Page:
Furthermore, the whirling water stream going around bottom portion of the tank's wall 14 is necessary for cooling tank's wall to avoid damage of metal from whirling stream of flame with the highest temperature.

The lower portion of the ring combustor 23 can be separated from metal surfaces of the tank and the coil pipe by a refractory screen, e.g. tube-screen 36 as FIG. 1 shows.

FIG. 3 shows another embodiment of the water heater 60 with more capacity because of additional coil pipe 62. It is located between the tank 12 and outer coil pipe 20 into ring flue 22. Therefore the spires of that coil pipe are heating because of contact with whirling stream gases all around their surface. In this embodiment each of coil pipe is connected with cool water source separately. The hot water outlet tube 52 from one of coil pipes is running into the tank, and outlet tube 64 from the other coil pipe is joined with hot water outlet 58 from the tank. In FIG. 3 is also shown a wavy structural shape 66 of the tank for more surface to be a conducting area for heat transfer from hot gases to water.

All of the rest details and its numerals including blower assembly with burner are the same as in FIGS. 1 and 2.

FIGS. 4 and 5 show another embodiment 70 of this invention with two coaxial coil pipe, inner 72 and outer 20 with a ring space between them but without of tank for hot water. This construction is working as a boiler.

The coil pipes are joined together with their inlet and outlet ends. The bottom end of that ring space is closed with additional spires 24 of coil pipes. The coil pipes are placed in a metal cylindrical barrel 74 with bottom end 76 and top cover 32. The barrel is covered by insulation 28 and coated by jacket 30 all around them.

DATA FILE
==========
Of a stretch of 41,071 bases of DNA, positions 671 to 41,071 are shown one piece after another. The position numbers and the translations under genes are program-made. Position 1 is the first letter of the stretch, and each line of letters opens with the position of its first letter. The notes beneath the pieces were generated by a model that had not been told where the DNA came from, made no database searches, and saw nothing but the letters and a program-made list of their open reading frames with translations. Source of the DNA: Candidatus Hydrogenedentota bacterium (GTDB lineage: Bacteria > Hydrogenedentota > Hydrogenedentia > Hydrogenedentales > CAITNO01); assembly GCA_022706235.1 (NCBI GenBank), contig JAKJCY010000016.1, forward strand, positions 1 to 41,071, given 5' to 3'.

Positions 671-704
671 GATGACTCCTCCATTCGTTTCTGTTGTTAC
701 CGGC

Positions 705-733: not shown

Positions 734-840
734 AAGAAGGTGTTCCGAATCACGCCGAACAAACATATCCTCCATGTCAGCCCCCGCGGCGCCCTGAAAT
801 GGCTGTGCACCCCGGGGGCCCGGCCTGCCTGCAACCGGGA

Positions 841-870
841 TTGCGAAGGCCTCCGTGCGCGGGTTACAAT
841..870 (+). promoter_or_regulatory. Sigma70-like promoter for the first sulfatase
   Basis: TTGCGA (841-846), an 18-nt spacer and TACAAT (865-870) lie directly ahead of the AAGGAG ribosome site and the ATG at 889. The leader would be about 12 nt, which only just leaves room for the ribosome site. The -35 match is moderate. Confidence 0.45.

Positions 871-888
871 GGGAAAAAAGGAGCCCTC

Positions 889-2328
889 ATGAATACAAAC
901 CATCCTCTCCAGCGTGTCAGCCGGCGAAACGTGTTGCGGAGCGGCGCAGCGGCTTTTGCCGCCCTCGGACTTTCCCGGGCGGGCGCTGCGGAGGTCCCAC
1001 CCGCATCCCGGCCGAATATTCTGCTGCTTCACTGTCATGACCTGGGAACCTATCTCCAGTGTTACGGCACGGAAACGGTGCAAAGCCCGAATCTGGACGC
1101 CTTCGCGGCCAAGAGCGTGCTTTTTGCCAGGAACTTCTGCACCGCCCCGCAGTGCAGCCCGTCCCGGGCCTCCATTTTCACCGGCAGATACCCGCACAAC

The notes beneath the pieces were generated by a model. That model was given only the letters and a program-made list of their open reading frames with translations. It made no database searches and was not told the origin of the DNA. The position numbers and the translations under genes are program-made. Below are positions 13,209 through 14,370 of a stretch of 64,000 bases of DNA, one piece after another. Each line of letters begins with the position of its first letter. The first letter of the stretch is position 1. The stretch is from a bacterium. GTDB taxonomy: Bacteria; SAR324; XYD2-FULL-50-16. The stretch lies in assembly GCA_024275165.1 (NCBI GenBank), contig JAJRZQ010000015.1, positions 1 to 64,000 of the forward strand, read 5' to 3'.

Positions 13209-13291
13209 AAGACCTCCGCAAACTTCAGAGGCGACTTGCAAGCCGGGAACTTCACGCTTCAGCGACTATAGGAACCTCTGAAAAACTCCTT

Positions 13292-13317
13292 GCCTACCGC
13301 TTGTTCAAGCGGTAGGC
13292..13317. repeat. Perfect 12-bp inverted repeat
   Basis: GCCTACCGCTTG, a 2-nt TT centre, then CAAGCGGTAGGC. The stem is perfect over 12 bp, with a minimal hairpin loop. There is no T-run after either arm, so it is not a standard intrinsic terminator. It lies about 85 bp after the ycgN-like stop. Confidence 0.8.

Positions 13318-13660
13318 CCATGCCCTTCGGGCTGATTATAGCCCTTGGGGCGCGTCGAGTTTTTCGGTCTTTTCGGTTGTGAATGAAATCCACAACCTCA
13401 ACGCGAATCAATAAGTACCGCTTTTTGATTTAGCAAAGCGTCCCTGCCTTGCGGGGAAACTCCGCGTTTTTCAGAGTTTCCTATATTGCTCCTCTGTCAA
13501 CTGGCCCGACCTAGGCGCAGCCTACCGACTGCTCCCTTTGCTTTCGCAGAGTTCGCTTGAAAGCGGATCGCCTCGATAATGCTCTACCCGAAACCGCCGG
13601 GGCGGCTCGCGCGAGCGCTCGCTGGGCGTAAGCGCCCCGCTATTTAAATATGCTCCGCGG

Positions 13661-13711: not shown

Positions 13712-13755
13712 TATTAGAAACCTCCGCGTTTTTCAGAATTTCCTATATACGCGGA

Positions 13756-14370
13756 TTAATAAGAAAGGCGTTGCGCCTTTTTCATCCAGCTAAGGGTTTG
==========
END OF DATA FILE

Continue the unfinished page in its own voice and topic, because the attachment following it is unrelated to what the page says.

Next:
The top portion of the barrel near to the top cover 32 has opening for tangential outlet 34 for products of combustion. Hot water outlet 58 is passing through the top cover 32. The exits of said tubes are shown in FIGS. 4 and 5.

The bottom end 76 of the barrel has openings for burner nozzle 42 and cold water inlet 78. FIG. 6 shows the entrance of the burner nozzle into the ring combustor 23. The burner nozzle is flexed along circumference and going close to said cold water inlet tube 78 and bottom spires 24. Those spires are twisted around the nozzle 42 separating the ring combustion space from outside environment along the hole length of the nozzle's entry. The fireproof tube screen 80 is located on the bottom spires 24 close to the abutting end 80 of the burner nozzle.

Since each embodiment of this invention has well known in the art and used for the same purpose system for control and operation, including spark ignition and/or pilot, description of that means is deemed unnecessary.

Patent Citations
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Referenced by
Citing PatentFiling datePublication dateApplicantTitle
US6334411 *Oct 21, 1998Jan 1, 2002Giant Factories Inc.High efficiency, glass-lined, combination space and hot water heater
US6435174Oct 31, 2000Aug 20, 2002Siout Steam Cleaner CorporationFluid heater coil configuration and fabrication method
US6561183Oct 31, 2000May 13, 2003Sioux Steam Cleaner CorporationFluid heater system with tiltable heater assembly
US7334419 *Aug 17, 2005Feb 26, 2008Bradford White CorporationHeat pump water heater
US7634977 *Aug 16, 2006Dec 22, 2009Aos Holding CompanyGas water heater
US7836856Dec 13, 2007Nov 23, 2010Bock Water Heaters, Inc.Water heater with condensing flue
US7866168Jan 8, 2008Jan 11, 2011Bradford White CorporationHeat pump water heater
US8746184 *Jan 28, 2010Jun 10, 2014William P. HorneSteam boiler with radiants
US20100170658 *Jan 2, 2009Jul 8, 2010Electro Industries, Inc.Dual-Pressure Dual-Compartment Fluid Tank
US20110180024 *Jan 28, 2010Jul 28, 2011Horne William PSteam boiler with radiants
Classifications
U.S. Classification122/367.1, 122/18.4, 122/367.3, 122/367.2
International ClassificationF24H1/18, F24H1/43
Cooperative ClassificationF24H1/43, F24H1/186
European ClassificationF24H1/18D, F24H1/43
Legal Events
DateCodeEventDescription
Dec 3, 2002FPExpired due to failure to pay maintenance fee
Effective date: 20021006
Oct 7, 2002LAPSLapse for failure to pay maintenance fees
Apr 23, 2002REMIMaintenance fee reminder mailed